The Law Today

Santiago Court of Appeals pronounces itself on the “Right to Oblivion”.

09 Nov 2020


On October 27, 2020, the Court of Appeals of Santiago (Role No. 16.010-2020), rejected the Appeal for Protection filed against the search engines Google, Bing, Yahoo and the encyclopedic web Wikipedia (the respondents).

The facts that motivated the appeal were that the appellant had been denounced in a newspaper report as the alleged author of illegal conduct of a sexual nature, by virtue of which the Public Ministry initiated an investigation, concluding with the definitive dismissal of the appellant.

In this regard, the complainant pointed out that the information published by the defendants in connection with the investigation constituted an arbitrary and illegal act, since it violated his rights to psychological integrity and privacy. He based his claim on the protection of the “right to forget”, linking it to the right to cancel personal data under Law 19.628 on the protection of private life.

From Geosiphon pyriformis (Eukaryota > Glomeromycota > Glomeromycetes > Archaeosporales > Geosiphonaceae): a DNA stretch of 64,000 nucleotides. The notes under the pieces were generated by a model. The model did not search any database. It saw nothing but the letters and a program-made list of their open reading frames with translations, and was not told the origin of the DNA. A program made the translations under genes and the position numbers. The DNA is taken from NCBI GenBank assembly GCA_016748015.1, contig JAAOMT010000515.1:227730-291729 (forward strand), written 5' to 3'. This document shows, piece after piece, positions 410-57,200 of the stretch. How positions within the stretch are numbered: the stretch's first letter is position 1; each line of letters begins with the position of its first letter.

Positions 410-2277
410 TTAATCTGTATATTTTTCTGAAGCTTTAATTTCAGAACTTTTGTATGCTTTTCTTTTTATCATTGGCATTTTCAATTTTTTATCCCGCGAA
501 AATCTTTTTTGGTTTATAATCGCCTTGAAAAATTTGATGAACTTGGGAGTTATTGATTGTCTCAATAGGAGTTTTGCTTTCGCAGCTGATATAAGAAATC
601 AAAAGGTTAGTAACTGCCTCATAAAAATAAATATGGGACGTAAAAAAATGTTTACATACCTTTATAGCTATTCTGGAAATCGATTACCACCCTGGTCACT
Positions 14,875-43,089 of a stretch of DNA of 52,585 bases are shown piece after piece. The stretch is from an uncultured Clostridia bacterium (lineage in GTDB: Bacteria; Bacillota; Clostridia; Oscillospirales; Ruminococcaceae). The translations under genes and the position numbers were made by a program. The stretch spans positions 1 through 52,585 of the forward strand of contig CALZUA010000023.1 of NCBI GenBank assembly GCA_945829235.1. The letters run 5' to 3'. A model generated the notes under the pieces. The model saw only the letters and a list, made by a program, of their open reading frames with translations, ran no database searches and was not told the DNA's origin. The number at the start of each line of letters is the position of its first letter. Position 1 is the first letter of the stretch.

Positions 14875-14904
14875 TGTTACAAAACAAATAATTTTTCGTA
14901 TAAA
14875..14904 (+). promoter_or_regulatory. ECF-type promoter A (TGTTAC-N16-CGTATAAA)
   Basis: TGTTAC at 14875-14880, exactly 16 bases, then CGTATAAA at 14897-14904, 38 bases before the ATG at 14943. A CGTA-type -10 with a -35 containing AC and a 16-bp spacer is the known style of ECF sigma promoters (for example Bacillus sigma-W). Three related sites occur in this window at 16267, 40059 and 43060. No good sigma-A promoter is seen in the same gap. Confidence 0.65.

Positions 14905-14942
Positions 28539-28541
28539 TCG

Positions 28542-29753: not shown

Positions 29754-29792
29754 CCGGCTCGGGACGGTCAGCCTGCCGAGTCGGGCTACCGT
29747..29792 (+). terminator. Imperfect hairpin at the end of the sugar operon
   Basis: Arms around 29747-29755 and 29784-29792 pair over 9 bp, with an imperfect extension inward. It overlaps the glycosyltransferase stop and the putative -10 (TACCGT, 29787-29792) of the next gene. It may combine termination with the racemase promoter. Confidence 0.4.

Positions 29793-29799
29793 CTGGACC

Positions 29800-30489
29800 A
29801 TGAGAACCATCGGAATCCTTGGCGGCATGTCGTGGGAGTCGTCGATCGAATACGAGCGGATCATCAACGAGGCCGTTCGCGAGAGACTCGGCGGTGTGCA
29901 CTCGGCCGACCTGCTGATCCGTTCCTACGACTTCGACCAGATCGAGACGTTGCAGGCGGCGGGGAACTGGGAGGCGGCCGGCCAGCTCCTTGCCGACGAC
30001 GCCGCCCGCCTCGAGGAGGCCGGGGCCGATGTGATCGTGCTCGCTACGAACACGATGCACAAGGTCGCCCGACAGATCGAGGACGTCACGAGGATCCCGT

The Court of Appeals of Santiago described the “right to forget” as the aspiration of a person to the elimination of information that causes him harm and that is contained in computer systems connected to the world information network.

Likewise, the Court indicated that such right is not established in the Chilean legislation and that search engines are not responsible for the data created by users, but that their function is limited to indexing the information, which is created by third parties under the protection of the freedom to express an opinion and to provide information.

Finally, he ruled out the violation of fundamental guarantees because the information indexed was true and current (not outdated).

It is worth mentioning that the case is not firm and enforceable, and the appellant may infer an appeal to the Supreme Court.


In case you require additional information on this matter, you may contact Jorge Tisné (